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National Statement at World Humanitarian Summit

Istanbul, Turkey
Monday, May 23, 2016

Hon. Josaia Voreqe Bainimarama, CF(Mil),OSt.J, MSD, jssc, psc

Prime Minister of Fiji and Minister for iTaukei Affairs and Sugar Industry



Fiji comes to the first World Humanitarian Summit determined to give Pacific Islanders a voice and contribute to this historic global debate.

We share the development challenges of many small and vulnerable nations and our priorities are reflected in the formal commitments we are making here in Istanbul.

Fiji recognises that only by growing our economy can we combat poverty and improve the living standards of our people. But we will not compromise on our overarching principle that any development must be sustainable. Because our pristine surroundings are our ultimate livelihood through the visitors we attract. And the Fijian Made brand of quality goods and services we take to the world.

We are committing to higher standards of governance through zero tolerance for corruption and such measures as an integrated national financing framework and the better collection of data to improve decision-making.

And our social priorities are reflected in our commitments to improve the position of women and girls and prevent gender based violence.

But by far our most important priority relates to the biggest humanitarian crisis we have ever faced in the Pacific – the escalating threat to our physical safety and way of life posed by the extreme weather events and rising sea levels caused by climate change.

In common with other small and vulnerable states the world over, we urgently need to gain access to the funding we need - in the form of grants or loans - to build our resilience to withstand this threat. To strengthen our homes and our infrastructure. And strengthen our response to disaster wherever and whenever it strikes.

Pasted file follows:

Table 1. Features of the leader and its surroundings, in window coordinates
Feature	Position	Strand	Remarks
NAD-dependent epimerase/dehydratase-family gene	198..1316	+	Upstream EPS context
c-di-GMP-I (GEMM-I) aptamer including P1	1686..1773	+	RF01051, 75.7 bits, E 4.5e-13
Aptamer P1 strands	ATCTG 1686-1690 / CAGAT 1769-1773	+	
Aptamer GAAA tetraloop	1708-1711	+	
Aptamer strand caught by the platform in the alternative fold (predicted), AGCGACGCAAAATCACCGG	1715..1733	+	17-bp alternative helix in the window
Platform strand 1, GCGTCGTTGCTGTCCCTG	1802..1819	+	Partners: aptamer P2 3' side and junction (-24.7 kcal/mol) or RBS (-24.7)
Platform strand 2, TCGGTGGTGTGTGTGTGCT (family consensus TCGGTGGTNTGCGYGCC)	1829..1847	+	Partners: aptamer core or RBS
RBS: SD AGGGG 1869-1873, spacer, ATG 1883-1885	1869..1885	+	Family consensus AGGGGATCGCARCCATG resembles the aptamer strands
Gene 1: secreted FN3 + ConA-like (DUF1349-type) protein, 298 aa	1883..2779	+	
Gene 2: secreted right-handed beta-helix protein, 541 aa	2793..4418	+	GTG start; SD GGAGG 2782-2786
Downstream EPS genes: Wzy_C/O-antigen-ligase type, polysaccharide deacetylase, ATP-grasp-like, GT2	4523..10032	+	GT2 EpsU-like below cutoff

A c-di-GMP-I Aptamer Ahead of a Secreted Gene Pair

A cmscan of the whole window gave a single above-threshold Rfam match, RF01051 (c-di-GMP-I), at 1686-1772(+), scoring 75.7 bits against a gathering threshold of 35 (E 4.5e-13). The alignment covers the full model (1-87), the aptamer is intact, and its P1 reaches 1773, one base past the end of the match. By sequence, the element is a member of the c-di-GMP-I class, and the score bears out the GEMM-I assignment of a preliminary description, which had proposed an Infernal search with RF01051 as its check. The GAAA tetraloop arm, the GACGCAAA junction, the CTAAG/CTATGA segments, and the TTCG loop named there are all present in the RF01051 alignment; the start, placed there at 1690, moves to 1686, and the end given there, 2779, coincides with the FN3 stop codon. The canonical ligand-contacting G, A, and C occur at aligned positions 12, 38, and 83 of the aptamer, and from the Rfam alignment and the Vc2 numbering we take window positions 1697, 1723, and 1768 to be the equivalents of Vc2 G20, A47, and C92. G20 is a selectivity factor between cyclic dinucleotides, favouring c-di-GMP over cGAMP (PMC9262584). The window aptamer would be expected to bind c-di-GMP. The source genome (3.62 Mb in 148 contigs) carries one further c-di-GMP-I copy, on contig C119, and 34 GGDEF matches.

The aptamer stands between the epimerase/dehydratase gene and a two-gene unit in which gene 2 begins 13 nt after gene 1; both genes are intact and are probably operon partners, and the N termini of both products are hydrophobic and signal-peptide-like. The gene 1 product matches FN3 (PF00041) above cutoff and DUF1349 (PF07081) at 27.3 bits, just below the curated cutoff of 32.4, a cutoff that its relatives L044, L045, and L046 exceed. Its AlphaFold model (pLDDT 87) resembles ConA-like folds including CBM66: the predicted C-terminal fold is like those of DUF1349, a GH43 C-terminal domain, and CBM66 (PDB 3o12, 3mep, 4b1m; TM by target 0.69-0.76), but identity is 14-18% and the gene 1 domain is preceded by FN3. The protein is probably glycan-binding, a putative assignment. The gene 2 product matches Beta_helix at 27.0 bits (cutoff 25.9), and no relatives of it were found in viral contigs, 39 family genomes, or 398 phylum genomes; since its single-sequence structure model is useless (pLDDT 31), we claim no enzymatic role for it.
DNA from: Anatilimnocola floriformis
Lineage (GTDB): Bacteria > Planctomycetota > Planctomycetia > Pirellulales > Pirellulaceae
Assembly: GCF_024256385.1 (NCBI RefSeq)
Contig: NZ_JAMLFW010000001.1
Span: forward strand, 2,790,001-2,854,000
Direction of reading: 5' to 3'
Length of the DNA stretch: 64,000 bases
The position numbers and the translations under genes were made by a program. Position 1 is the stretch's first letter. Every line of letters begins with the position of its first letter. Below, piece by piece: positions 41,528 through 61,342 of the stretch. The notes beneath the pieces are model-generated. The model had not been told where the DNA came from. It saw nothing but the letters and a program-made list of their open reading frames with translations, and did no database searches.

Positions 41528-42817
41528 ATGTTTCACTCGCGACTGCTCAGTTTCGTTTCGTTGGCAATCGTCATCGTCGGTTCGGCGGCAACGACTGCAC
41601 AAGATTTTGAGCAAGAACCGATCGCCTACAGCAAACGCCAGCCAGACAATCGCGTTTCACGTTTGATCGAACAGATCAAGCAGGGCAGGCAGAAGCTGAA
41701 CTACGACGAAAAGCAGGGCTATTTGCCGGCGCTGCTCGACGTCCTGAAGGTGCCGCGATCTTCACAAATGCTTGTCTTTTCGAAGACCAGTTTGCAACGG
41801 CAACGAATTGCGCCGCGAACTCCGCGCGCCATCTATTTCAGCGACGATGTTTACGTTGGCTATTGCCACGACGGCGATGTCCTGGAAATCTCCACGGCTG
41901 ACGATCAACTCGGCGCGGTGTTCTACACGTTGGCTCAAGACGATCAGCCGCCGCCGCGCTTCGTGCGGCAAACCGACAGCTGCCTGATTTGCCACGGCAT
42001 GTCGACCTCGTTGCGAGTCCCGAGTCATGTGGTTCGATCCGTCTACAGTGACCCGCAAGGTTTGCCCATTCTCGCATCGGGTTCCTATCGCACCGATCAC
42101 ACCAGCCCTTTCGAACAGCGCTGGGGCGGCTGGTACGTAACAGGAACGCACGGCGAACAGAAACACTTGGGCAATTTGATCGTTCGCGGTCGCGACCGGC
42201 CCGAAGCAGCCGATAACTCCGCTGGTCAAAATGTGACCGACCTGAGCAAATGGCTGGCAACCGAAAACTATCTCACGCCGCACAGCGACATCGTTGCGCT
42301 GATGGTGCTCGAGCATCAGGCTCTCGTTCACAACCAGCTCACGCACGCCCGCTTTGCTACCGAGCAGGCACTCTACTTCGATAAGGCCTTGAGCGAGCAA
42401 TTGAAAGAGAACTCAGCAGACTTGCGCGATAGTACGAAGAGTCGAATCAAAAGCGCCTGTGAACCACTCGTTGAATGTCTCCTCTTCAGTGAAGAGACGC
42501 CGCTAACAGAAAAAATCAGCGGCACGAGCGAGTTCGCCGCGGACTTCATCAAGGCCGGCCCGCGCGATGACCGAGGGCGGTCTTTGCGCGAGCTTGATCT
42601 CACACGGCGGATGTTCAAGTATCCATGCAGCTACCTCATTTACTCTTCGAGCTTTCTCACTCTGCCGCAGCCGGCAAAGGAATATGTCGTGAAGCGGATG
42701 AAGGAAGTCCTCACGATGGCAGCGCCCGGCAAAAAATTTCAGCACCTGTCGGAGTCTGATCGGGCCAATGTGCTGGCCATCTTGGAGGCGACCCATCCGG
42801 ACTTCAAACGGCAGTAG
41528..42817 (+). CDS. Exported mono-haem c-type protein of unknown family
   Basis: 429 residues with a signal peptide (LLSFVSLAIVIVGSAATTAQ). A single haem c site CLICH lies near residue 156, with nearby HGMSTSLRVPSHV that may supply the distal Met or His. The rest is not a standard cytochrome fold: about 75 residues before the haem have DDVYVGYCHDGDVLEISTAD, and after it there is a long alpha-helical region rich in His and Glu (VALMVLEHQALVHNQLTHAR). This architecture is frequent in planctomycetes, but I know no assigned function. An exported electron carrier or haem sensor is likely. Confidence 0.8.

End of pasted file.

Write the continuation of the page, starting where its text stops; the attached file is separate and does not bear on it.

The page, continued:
Three months ago, the biggest cyclone ever to make landfall in the southern hemisphere slammed into Fiji with winds of more than 300-kilometres an hour. Cyclone Winston killed 44 Fijians and ravaged 40,000 homes, public buildings and infrastructure – leaving us with a damage bill of 1.4 billion US dollars.

And while it could have been much worse because Winston spared our main tourism areas, Fiji is a stark reminder to the world of the new and frightening era that is dawning on us because of climate change.

Stronger and more frequent cyclonic winds, more floods, more droughts. And the ever-rising seas that are already swamping arable coastal land and are destined to swallow up three Pacific nations altogether – our friends in Kiribati, Tuvalu and the Marshall Islands.

Fiji and the other members of the Pacific Islands Development Forum want the present cap on global warming agreed to in Paris – 2 degrees Celsius above the pre industrial age – lowered to 1.5 degrees. And in the meantime, I appeal to you all on behalf of every Pacific Islander to provide us with the financial means to adapt and survive.


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